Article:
Franziska Hart: ‘Between Two Worlds’
Abdul, a man of slender means but rich in street smarts and good manners, was my family's manservant and my constant companion in Karachi. I was 4. To travel on his arms or hold his hand was to feel like a princess and to be well loved. His white turban made him majestic and in charge. He cared for me. He was the most patient of listeners to all that I said. When he smiled benevolently and warmly, his dark brown eyes would almost disappear with the crinkling of his brown skin.
But when I greeted him on my return from a family trip to Germany, something was amiss. I seemed unable to make myself understood. Everything I was saying to Abdul was met by his uncomprehending expression. "But Miss Franziska," he admonished me gently. "You must speak in English."
Born in Germany, of German parents, and growing up in the English speaking world of Karachi, I was a child of two languages. I had never had trouble switching between the two. During my visit to Germany, I'd had to be polite and make friends with my German roots. All that German communication had left me with a brain wiped clean of every English word I knew. I repeated myself over and over to Abdul but made no progress. It was as if I was speaking under water. That once familiar and predictable connection to my world had inexplicably disappeared. In my frustration I asked, "What has happened to my world? Where do I belong?"
In that moment, of course, I had no way of knowing the answers. Nor could I have anticipated that 60 years later, it would be I who smiled benevolently and warmly at my 95-year-old mother. She too was once fluent in both languages. Now, as I visit her in her home in Canada, I witness her panic and frustration as she painstakingly searches through her cerebral blender and finds only chopped up bits of German to communicate to an English speaking world. Unlike my 4-year-old self, she has no chance of finding the way back. So she asks, "What has happened to my world? Where do I belong?"
Franziska Hart grew up traveling the world with her diplomat parents, moving first to Karachi, Pakistan, in 1952, at the age of 2. Family photographs and storytelling have helped her retain childhood memories of the exotic scenes and adventures she experienced.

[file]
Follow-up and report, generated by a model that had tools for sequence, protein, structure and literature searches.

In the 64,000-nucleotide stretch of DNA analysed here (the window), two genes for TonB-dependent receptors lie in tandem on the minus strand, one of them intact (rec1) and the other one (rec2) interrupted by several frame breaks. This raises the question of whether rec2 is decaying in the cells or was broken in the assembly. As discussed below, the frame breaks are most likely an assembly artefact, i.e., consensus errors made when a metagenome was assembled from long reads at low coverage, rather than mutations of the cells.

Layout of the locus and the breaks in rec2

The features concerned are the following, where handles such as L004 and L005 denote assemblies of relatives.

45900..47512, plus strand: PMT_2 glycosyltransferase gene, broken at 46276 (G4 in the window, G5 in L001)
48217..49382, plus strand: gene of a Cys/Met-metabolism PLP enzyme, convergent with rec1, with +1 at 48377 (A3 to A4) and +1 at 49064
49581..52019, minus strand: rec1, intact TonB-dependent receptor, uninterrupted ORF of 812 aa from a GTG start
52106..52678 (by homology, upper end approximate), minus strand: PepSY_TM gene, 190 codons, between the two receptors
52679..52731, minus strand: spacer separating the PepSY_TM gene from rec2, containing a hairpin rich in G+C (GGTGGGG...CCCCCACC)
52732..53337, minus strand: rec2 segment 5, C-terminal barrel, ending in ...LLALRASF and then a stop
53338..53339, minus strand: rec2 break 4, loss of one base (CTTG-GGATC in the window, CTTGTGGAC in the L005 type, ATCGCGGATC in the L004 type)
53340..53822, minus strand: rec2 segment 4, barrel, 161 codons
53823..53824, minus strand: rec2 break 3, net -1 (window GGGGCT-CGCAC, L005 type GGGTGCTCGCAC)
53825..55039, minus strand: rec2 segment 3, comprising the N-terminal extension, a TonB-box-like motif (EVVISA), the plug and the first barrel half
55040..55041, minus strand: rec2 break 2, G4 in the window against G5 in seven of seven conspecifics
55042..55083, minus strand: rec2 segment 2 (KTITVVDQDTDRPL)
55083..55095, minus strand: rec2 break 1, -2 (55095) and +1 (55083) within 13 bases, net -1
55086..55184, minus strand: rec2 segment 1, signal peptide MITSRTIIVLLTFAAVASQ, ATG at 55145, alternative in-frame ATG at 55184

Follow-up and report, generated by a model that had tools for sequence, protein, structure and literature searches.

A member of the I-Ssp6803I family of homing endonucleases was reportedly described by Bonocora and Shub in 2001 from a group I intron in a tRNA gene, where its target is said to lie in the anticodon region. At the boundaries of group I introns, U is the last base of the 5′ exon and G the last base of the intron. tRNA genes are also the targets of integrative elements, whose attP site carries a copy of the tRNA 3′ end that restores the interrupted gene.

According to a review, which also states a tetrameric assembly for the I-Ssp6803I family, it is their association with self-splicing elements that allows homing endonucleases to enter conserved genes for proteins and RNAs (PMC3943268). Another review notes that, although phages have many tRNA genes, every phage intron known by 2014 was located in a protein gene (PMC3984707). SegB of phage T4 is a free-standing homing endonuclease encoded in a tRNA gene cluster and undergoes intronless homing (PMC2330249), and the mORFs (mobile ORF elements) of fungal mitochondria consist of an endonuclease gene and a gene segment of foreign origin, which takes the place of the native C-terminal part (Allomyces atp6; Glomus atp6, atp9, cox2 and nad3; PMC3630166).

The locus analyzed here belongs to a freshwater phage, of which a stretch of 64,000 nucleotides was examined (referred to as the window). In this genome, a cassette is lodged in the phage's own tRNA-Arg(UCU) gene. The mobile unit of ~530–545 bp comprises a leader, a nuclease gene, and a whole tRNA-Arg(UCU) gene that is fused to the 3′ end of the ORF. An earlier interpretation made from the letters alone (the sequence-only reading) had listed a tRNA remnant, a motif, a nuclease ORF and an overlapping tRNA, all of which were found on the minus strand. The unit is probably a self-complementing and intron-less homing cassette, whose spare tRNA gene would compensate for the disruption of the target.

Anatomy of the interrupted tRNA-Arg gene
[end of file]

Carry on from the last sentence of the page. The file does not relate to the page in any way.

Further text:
Currently, Franziska is doing research with a view to writing a creative non-fiction memoir about her father's civilian prisoner of war experiences in the British internment camps of India during World War II.
We tell stories.
We tell stories to make sense of our lives.
We tell stories to communicate our experience of being alive.
We tell stories in our own distinct voice. Our own unique rhythm and tonality.
Transformations is a weekly story-telling column. The stories are written by community members who are my students. Our stories are about family, love, loss and good times. We hope to make you laugh and cry. Maybe we will convince you to tell your stories.
— Kathrin Seitz, editor, and Cheryl Durbas, co-editor
"Everyone, when they get quiet, when they become desperately honest with themselves, is capable of uttering profound truths. We all derive from the same source. There is no mystery about the origin of things. We are all part of creation, all kings, all poets, all musicians; we have only to open up, only to discover what is already there." — Henry Miller
Kathrin Seitz teaches Method Writing in Rockport, New York City and Florida. She can be reached at email@example.com. Cheryl Durbas is a freelance personal assistant in the Midcoast area. She can be reached at firstname.lastname@example.org.